Five executives. Five passionate pastimes
President, Hawaiian Cement
When John DeLong discovered geocaching a year ago, you might say that all the coordinates matched up. The adventure game, which marries cutting-edge technology with old-fashioned treasure hunting, requires players to find a hidden "cache" in an obscure location. The only tools in this quest are a hand-held Global Positioning System (GPS) locator, a pair of good hiking boots and keen powers of deduction. DeLong, the president of Hawaiian Cement, is an avid hiker and an admitted gadget guy, so the attraction to the scenic and noncompetitive game was immediate.
"It's not like the ‘Amazing Race,' or anything, but it was perfect for us," says DeLong, whose wife, Cheryl, is also a dedicated hiker and joins him on geocaching expeditions. "You can get a GPS, with all the bells and whistles, for about $300. It's got a color screen and detailed maps, ideal for a guy like me."
To get started, treasure hunters visit www.geocaching.com and type in the zip code of the location they want to explore. The Web site lists all the caches in the area, providing GPS coordinates, brief descriptions, ratings of the level of difficulty and a hint (in code). The GPS locator will only take players to within 20 feet of the buried treasure, usually a metal box, which contains trinkets to take along as a souvenir. To find the treasure's exact location, cachers have to decipher the code and figure out the hint.
According to DeLong, there are more than 500 caches throughout Hawaii, with the vast majority buried on Oahu. During their 11 years in Hawaii, the couple has found approximately 25 caches, many of which dot the ridges of the Koolau mountain range. They've also geocached on Maui, as well as on the Mainland and in Asia.
"It's really easy to do, and it's a wonderful way to see parts of the Islands that we would have never seen otherwise," says DeLong. "We've been through a lava tube near the Blow Hole, and we've crossed a natural bridge on the slopes of Koko Head. The hikes can be breathtaking, but it's also nice to get a little prize at the end."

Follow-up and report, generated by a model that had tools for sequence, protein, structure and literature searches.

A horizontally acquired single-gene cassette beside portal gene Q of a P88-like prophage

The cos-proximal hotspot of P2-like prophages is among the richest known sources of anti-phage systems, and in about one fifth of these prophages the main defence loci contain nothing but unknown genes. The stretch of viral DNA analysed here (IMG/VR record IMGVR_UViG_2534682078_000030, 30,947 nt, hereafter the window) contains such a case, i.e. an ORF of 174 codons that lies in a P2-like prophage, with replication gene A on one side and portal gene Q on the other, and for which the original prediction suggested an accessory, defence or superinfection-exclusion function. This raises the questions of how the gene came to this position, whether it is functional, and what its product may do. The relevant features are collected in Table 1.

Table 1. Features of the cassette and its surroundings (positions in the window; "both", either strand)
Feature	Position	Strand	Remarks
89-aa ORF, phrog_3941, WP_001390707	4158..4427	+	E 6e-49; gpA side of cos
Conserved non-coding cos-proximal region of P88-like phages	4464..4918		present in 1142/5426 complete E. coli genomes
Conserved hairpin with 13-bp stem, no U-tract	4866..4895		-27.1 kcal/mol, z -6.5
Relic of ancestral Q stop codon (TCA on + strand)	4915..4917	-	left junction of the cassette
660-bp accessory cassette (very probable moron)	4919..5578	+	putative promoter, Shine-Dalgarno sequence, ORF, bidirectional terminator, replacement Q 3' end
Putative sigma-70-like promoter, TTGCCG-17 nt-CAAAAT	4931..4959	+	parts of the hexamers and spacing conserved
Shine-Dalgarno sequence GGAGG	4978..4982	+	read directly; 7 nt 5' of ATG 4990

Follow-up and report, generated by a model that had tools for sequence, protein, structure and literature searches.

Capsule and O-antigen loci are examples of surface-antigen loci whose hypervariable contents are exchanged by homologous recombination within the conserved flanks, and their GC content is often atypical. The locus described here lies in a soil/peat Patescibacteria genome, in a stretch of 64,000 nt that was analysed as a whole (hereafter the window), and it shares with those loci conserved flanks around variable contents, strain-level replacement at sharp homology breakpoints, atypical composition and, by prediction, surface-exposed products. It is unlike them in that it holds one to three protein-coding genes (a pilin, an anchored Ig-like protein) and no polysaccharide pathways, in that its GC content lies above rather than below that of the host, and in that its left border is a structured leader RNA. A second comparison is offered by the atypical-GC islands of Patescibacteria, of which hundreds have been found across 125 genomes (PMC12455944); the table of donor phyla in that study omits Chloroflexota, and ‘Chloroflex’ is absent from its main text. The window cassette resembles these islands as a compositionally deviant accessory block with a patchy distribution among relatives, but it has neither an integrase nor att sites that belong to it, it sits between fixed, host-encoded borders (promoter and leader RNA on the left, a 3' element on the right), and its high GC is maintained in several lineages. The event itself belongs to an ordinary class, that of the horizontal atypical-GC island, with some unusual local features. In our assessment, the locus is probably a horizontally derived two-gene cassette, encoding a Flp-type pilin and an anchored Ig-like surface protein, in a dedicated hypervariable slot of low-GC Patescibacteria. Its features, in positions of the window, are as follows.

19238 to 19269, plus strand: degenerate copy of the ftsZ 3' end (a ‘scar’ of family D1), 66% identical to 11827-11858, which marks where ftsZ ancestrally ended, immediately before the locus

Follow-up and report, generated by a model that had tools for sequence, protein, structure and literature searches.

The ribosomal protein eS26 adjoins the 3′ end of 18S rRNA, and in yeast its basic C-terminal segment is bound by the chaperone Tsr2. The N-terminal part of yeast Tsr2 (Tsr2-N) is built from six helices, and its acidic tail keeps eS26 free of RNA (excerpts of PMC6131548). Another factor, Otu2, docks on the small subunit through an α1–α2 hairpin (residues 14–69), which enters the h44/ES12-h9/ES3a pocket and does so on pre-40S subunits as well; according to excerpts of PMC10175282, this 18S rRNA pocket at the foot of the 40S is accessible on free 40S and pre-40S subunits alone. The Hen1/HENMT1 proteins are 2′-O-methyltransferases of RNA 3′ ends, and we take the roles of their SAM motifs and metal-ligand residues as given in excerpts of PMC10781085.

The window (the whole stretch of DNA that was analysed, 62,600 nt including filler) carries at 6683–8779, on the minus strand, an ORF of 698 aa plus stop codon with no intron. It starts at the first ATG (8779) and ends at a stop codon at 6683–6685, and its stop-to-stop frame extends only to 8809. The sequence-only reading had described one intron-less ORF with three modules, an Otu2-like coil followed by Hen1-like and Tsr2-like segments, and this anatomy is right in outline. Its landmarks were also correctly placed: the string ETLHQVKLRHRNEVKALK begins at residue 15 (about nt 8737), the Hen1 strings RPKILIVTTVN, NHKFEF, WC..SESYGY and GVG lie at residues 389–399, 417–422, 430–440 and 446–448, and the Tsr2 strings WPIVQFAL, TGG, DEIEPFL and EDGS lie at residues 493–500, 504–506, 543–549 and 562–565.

President and Executive Director, Queen Liliuokalani Children's Center
Claire Asam has a regular morning routine. Every weekday, she rises at 5 a.m., eats microwave oatmeal, stretches for 10 or 15 minutes, then watches the morning news. The last thing she does before walking out the door is play her harp.
"Harping puts me in a good mood, which is important when you're the boss and the buck stops with you. You might say that I leave home with a song in my heart," says Asam. "Playing is also a great way to release tension at the end of the day. After I get home from work and after I exercise, eat dinner and clean up, I'll play for a little bit."
A reliable routine has been essential for Asam, who climbed up the corporate ladder with her hands full: The onetime Kamehameha Schools teacher put her husband through medical school and raised two sons, while getting both her master's and Ph.D. in education at the University of Hawaii at Manoa. "Being a working mom going to school, you have to make good use of your time," says Asam. "Having a reliable routine makes life easier. You don't think. You just do."
Asam, whose childhood friend played the harp in high school, had always had a soft spot in her heart for the stringed instrument. Every holiday season, she would tell her husband that one day she'd play "Silent Night" on the harp.
On Christmas Day, 12 years ago, Asam's husband surprised her with a harp. She began taking lessons and was soon playing "Silent Night" and a host of other musical compositions, contemporary and classical. Lately, "E Kuu Morning Dew" and Pachelbel's "Canon in D Major" are favorites that help kick start and wind down each day.
"Those piece are just so beautiful and calming. The music feeds my soul," says Asam. "You have to take care of yourself, so you can help others, give to others and be in charge of others. The harp gives me balance and enables me to do that."
President and CEO, Hawaii Pacific Health
Model Train Enthusiast
Next Stop: Beaver Creek, U.S.A., where mass transit isn't an option, it's a way of life. The idyllic Pacific Northwest town is home to 3,200 well-traveled residents, a thriving Main Street, a bustling industrial center and a rail yard with nearly 200 engines and hundreds of passenger cars.
Beaver Creek's founder and resident transportation deity is Chuck Sted, who, when he's not maintaining his tracks and locomotives, is the president and CEO of Hawaii Pacific Health. Sted, who grew up in train-rich Cleveland, Ohio, has been building his railway community since he moved into his Waialae Iki home 10 years ago. (It took Sted an entire year just to lay down the tracks.) He finished Beaver Creek, whose city limits take up a vast majority of his den's 550 square feet, a couple of years ago.